Practices at two now-closed Salt Lake-area clinics
came into question last year when Pamela Branum, who was
artificially inseminated at Reproductive Medical Technologies Inc,
claimed genetic testing revealed that, instead of her husband, a lab
technician had fathered their daughter in the early 1990s.
The technician, Tom Lippert, has since died.
The committee of three university physicians, tasked with reviewing
the case and making recommendations to the institution, said in a
report released on Thursday that it was unclear how the Branum
switch occurred or whether it was accidental or done on purpose.
"Either explanation is unacceptable from the perspective of the
committee and, presumably, the Branums and any other couples who
might be similarly affected," the report said.
Lippert, who had a criminal record, was hired without a background
check in 1988 and worked part-time at both RMT and the Community
Lab, the report said. He was also a registered sperm donor at the
clinics and frequently supplied samples.
Lippert, considered a good worker by some but a problem employee by
others, left the job in 1993 for unknown reasons and died six years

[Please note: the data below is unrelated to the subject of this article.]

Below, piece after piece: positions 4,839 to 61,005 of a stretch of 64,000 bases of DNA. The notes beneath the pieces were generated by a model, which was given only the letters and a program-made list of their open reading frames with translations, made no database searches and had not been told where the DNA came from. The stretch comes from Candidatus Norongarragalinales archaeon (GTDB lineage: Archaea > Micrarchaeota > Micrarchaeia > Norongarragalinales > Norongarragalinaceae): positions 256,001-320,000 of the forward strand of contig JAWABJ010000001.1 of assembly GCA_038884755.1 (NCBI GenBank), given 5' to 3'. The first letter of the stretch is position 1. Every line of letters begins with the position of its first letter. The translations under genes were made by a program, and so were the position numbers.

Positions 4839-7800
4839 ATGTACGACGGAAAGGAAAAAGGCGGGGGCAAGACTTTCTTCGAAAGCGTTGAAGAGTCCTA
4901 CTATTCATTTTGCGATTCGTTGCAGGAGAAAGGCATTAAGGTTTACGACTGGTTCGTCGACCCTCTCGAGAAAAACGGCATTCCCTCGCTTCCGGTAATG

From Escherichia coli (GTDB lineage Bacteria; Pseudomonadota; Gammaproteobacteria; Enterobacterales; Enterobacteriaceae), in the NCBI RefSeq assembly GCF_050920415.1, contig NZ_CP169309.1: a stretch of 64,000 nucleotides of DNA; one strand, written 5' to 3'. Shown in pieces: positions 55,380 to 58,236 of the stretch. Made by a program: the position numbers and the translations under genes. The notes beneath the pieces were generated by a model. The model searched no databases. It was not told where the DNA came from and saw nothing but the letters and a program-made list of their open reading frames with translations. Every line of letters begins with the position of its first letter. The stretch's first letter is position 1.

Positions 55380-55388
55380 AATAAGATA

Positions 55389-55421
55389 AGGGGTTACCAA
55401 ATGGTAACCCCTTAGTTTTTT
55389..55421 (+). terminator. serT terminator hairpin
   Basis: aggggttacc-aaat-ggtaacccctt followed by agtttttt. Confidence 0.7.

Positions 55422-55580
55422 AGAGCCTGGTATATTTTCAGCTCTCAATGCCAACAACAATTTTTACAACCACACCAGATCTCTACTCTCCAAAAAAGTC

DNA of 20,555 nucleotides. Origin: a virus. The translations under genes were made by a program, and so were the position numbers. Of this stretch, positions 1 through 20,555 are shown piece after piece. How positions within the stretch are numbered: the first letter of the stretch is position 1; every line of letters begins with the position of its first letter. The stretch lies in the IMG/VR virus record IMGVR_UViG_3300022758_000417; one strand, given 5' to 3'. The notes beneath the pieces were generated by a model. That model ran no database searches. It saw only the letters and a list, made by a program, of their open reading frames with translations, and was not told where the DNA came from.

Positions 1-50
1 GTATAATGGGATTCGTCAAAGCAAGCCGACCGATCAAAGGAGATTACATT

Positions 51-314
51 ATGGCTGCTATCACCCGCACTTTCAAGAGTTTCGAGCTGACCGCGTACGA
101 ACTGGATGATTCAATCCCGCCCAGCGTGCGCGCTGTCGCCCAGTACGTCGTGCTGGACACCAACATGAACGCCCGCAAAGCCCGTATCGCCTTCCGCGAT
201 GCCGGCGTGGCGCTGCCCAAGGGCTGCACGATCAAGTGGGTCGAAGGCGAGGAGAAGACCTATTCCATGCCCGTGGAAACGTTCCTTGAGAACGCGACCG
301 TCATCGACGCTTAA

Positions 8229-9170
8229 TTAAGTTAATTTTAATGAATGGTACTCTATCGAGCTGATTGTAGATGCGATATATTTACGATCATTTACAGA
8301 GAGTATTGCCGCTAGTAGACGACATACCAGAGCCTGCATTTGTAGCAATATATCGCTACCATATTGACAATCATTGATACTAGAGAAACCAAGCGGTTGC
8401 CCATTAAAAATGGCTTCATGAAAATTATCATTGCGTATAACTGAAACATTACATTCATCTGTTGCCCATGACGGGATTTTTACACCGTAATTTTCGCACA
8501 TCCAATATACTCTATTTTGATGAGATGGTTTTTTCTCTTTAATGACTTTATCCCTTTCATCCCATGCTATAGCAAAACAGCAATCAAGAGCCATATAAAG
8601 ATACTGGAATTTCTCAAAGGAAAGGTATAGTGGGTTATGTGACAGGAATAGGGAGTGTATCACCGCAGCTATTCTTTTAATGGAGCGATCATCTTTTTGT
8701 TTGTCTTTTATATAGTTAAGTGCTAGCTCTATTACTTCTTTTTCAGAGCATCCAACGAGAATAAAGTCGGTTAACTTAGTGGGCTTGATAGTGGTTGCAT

later, the report said.
Sean Mulvihill, M.D., associate vice president for clinical affairs
and CEO of the University of Utah Medical Group, apologized to the
Branums for the swap on behalf of the University this week.
"No family should have to go through something like this, and we are
deeply sorry for the stress and uncertainty this has caused their
family," Mulvihill said in a written statement.
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In its report, the committee suggested that the institution
continue to offer free paternity testing for one to two years to
former clients concerned about their procedures.
The university said it had tested five people through an independent
laboratory since January to try to determine whether Lippert had
fathered any additional children.
The testing did not link Lippert to more offspring but did uncover a
case where a child conceived by an anonymous sperm bank donor at one
of the now-defunct clinics was not the donor selected by the family,
the university said.
The university said it was investigating that case as well.
(Reporting by Laila Kearney; editing by Dan Whitcomb and Gunna
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